Books

Celebrating the Male Physique in Gay-Adjacent Magazines

Buying Gay is a thorough, and extremely entertaining read that delights in several ways, and especially in terms of David K. Johnson’s analysis of the tropes of physique magazines.

The cover of David K. Johnson’s Buying Gay

Back in the 1990s, historian David K. Johnson was conducting research on what would become his book Lavender Scare (now a documentary film), a history of the conflict between the US government and its homosexual population, which was considered as dangerous a threat to national security as communists. Amid the government documents he stumbled upon at the home of an activist, he also found  Drum, Physique Pictorial, and MANual — magazines that unabashedly celebrated the statuesque beauty of the male body. While he had to delay falling into these particular rabbit holes to focus on his work in progress, eventually returning to them led him to write Buying Gay, a history of the seminal importance that physique magazines had for the gay community in the United States between the end of World War II and the Stonewall riots.

Buying Gay is a thorough, and extremely entertaining read that delights in several ways anyone remotely interested in the subject matter. The most apparent way, for those invested in the visual arts, is his aesthetic analysis of the tropes of physique magazines. Sure, they celebrated an aesthetic that rejected any form  of effeminacy. Physique magazines, after all, were a byproduct of the turn-of-the-century investment in physical culture, which developed among middle-class men in urbanizing areas, across the spectrum of sexual orientations. “Gay men in the early twentieth century were adept at appropriating urban public spaces for their own purposes, whether bars, public parks, Turkish baths, or the Young Men’s Christian Association (YMCA),” writes Johnson.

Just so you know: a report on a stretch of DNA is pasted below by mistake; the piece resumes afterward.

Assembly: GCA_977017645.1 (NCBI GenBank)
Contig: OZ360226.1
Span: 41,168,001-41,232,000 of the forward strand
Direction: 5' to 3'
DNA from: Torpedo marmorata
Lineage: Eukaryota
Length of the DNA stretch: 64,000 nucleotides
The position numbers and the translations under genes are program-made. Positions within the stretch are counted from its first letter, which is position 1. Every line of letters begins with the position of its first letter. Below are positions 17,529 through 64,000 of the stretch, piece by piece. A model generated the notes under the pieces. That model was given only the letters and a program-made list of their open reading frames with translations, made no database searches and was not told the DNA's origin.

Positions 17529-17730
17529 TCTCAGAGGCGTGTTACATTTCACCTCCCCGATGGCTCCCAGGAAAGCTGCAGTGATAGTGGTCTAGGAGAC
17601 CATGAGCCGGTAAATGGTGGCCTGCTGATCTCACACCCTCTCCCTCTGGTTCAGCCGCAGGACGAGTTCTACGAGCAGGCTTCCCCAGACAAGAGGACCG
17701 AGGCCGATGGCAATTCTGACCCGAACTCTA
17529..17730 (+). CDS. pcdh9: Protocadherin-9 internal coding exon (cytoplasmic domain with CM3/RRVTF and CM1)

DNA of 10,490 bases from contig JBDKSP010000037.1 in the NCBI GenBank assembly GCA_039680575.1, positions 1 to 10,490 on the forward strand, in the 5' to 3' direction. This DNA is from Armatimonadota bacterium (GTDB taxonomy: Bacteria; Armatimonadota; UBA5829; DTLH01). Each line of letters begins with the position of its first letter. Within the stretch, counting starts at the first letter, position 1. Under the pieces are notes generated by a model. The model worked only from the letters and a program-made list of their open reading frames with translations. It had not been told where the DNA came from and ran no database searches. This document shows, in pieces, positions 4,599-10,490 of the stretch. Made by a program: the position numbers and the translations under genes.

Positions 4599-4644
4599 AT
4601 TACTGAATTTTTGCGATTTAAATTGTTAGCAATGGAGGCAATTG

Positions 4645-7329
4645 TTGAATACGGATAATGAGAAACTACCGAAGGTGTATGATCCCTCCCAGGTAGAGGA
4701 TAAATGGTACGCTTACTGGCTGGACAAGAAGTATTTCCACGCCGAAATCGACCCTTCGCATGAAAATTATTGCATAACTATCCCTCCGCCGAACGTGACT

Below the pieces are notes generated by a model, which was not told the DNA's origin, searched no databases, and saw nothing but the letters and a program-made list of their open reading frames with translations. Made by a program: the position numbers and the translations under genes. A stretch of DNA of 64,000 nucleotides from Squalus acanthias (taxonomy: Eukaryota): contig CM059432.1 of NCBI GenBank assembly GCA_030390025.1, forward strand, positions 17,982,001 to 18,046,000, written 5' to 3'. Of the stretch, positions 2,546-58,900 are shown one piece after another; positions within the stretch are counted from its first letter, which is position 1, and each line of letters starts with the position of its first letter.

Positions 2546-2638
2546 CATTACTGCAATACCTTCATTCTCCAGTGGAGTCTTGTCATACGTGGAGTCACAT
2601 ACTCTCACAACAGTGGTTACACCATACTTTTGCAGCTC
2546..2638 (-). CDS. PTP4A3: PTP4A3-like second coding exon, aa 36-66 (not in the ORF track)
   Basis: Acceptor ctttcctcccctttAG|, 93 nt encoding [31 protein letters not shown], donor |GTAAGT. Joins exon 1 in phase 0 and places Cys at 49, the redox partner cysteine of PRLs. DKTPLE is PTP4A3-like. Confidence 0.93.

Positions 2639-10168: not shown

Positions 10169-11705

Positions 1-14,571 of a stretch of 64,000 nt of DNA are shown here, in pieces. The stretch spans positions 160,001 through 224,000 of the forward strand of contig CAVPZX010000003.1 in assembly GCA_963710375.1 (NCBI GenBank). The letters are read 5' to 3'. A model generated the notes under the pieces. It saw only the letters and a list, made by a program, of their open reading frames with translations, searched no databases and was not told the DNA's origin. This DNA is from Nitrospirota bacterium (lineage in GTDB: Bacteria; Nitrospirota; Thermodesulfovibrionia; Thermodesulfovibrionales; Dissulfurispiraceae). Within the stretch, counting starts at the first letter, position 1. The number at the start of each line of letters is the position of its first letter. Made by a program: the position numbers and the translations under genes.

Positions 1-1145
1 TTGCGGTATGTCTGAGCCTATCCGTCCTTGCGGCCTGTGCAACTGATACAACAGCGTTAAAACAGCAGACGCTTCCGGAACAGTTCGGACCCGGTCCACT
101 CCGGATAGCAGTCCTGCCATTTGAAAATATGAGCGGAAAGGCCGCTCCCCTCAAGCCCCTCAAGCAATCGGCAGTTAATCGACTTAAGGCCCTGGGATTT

The gyms, contests, and magazines surrounding bodybuilding were another such public space that gay men actively, if cautiously, appropriated. The proliferation of bodybuilding contests, both local and national, depended on a large gay fan base.

Johnson introduces us to the artists who created physique-adjacent artworks. Among mainstream audiences, Finnish illustrator Tom of Finland is perhaps the best known artist in this category. (His art adorns clothing lines, and towels; there is a foundation in his name, and his recent biopic is a balanced tribute to him.) Perhaps for this very reason, Johnson doesn’t dwell too much on his legacy, making room for other visual artists. Virginia-born, George Quaintance, who was a photographer, painter, and illustrator whose homoerotic artwork, whether it was set in a ranch or in a Grecian bathhouse, was meant to convey a sense of camaraderie. Alfonso Hanagan, also known as “Lon of New York,” was Quaintance’s mentor, and had been photographing bodybuilders since moving to New York in 1936. Perhaps the most entrepreneurial artist was Bob Mizer: starting out as a photographer, he founded the Athletic Model Guild and, by 1951, founded the magazine Physique Pictorial.

Forrester Millard and John Miller, Physique Pictorial, June 1954; Bob Mizer signaled that Physique Pictorial would offer something different by featuring images of two men in posing straps, their arms draped over one another (courtesy the Bob Mizer Foundation).

Buying Gay is about more than the worship of the male body as a mere object of beauty: It details how physique magazine publishers fostered burgeoning communities by, for example, starting pen-pal clubs and gatherings that allowed readers to interact with photographers and editors and with one another. The book shows how these editors were receptive to readers’ feedback.